Wednesday, November 18, 2015

Female Competitiveness

Recently I read an article written in the New York Times called "Why Women Compete With Each Other" by Emily V Gordon. She has a few different ideas about why women tend to pit themselves against each other. While she goes in depth into a couple different theories, it is the last one that she mentions in passing at the end of the article that really struck a chord with me. Not only is it easy to understand, but it is also something that I believe can be fixed with dedication, self love, and practice.

"We aren’t competing with other women, ultimately, but with ourselves — with how we think of ourselves. For many of us, we look at other women and see, instead, a version of ourselves that is better, prettier, smarter, something more. We don’t see the other woman at all." (Emily Gordon). 

While the other theories she presented seemed interesting, I believe this one is behind a lot of the competition and jealousy feelings we may feel towards other women. And the most ironic part of it all is that it has nothing to do with them. Not really, anyways. It is about our own imperfections, and seeing someone who is better at something can remind us of those imperfections. However, these feeling tend to manifest themselves as jealousy towards another women, which makes it tricky to pinpoint the actual cause.


Another article that relates to this topic is "The Best Thing You Can Do For Yourself -- And All The Women Around You" by Elizabeth Gilbert. For women these days, this comparison trap comes in a lot of different forms. It could be career or accomplishment based, a standard of beauty we wish to own, a solid relationship, being socially outgoing, the list goes on and on. I've been a victim of many of them too- wondering if I'm accomplished enough, smart enough, strong enough to continue forging a healthy and happy life. We are bombarded with these standards from multiple sources and have to struggle with them every day. And the tough part is that women can be unconsciously perpetuating this. Women like to make it look easy. That's one of those standards people hold themselves to- being extremely modest when it's not necessary. Women these days are forging a new frontier- working full time jobs, being mothers, continuing their education, juggling their social lives all while making it look easy. But why hide the struggle and work it took to get to where you are now?

Instead of hiding behind the "modesty" shield, I feel like women should begin speaking up about all the hard work it takes to accomplish a myriad of goals. This generation is really pioneering what it looks like to be a modern women. It's important to begin to set examples for the current generation of young girls who want to do it all. While it's not easy, it is possible to be successful at your job, healthy, a good invested parent, a strong friend, and good partner. I don't want women my age to shy away from wanting it all because they think its impossible.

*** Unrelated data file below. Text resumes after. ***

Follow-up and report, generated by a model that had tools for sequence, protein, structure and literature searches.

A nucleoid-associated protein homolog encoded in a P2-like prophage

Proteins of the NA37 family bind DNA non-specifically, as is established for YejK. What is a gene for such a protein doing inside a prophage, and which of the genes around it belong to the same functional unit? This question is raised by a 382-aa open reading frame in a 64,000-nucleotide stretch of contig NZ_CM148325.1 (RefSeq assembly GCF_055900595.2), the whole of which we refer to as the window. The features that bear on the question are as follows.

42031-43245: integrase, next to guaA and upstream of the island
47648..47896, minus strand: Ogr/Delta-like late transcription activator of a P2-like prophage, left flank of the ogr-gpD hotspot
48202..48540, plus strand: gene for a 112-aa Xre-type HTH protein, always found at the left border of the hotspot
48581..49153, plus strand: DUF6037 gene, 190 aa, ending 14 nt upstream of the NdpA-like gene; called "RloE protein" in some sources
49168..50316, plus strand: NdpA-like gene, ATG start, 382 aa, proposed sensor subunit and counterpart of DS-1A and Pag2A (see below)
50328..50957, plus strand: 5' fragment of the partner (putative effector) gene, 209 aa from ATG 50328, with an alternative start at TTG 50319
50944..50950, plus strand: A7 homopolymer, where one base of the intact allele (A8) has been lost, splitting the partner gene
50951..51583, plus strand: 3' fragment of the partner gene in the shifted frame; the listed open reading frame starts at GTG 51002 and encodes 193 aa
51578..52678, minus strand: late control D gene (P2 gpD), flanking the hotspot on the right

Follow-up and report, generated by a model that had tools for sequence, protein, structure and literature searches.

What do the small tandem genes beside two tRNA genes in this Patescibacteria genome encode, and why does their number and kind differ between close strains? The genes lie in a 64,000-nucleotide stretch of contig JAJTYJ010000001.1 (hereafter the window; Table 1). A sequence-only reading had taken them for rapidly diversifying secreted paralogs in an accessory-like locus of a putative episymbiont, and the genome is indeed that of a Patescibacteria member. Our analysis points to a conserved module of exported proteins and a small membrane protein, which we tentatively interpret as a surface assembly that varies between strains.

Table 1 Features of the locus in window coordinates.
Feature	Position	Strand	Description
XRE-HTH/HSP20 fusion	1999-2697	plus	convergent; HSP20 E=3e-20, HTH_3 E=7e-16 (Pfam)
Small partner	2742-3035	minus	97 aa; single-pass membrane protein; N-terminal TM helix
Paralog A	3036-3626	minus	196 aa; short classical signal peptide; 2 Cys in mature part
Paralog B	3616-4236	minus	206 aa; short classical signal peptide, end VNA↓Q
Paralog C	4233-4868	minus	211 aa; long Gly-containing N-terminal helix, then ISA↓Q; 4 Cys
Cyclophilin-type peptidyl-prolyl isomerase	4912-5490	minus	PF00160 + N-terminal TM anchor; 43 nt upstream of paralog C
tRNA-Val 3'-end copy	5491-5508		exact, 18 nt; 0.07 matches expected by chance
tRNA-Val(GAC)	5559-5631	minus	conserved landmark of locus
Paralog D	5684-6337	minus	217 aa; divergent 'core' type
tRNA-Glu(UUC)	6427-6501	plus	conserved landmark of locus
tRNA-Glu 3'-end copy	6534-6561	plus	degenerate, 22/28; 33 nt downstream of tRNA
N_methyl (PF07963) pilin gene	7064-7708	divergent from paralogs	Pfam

Because in the end, what does that comparison trap and modesty shield really do for you but cause stress for yourself and others? There are plenty of things that I tend to spend a lot of time worrying about that I will never be able to change. I will never be able to tan easily, or have long legs, or be as skinny as a model. If only women could channel similar thoughts like this into constructive things. We can strive to be kinder, more generous and helpful. We can take those negative thoughts and use them to propel us to a better version of ourselves, instead of wasting time worrying about those extra 5 pounds.


It's about accepting yourself for who you are, and loving yourself fully (including your flaws!). If you do indeed fully accept yourself, you empower yourself with the confidence to strive towards being a well rounded world citizen. Instead of wasting time on doubting yourself or stressing out about something you can't change, take that energy and put it into something positive. Share your story with others and don't hide behind the modesty shield. We are all pioneering this new age of being a modern women and we can grow and lean on each other as we make the transition into this new social space.

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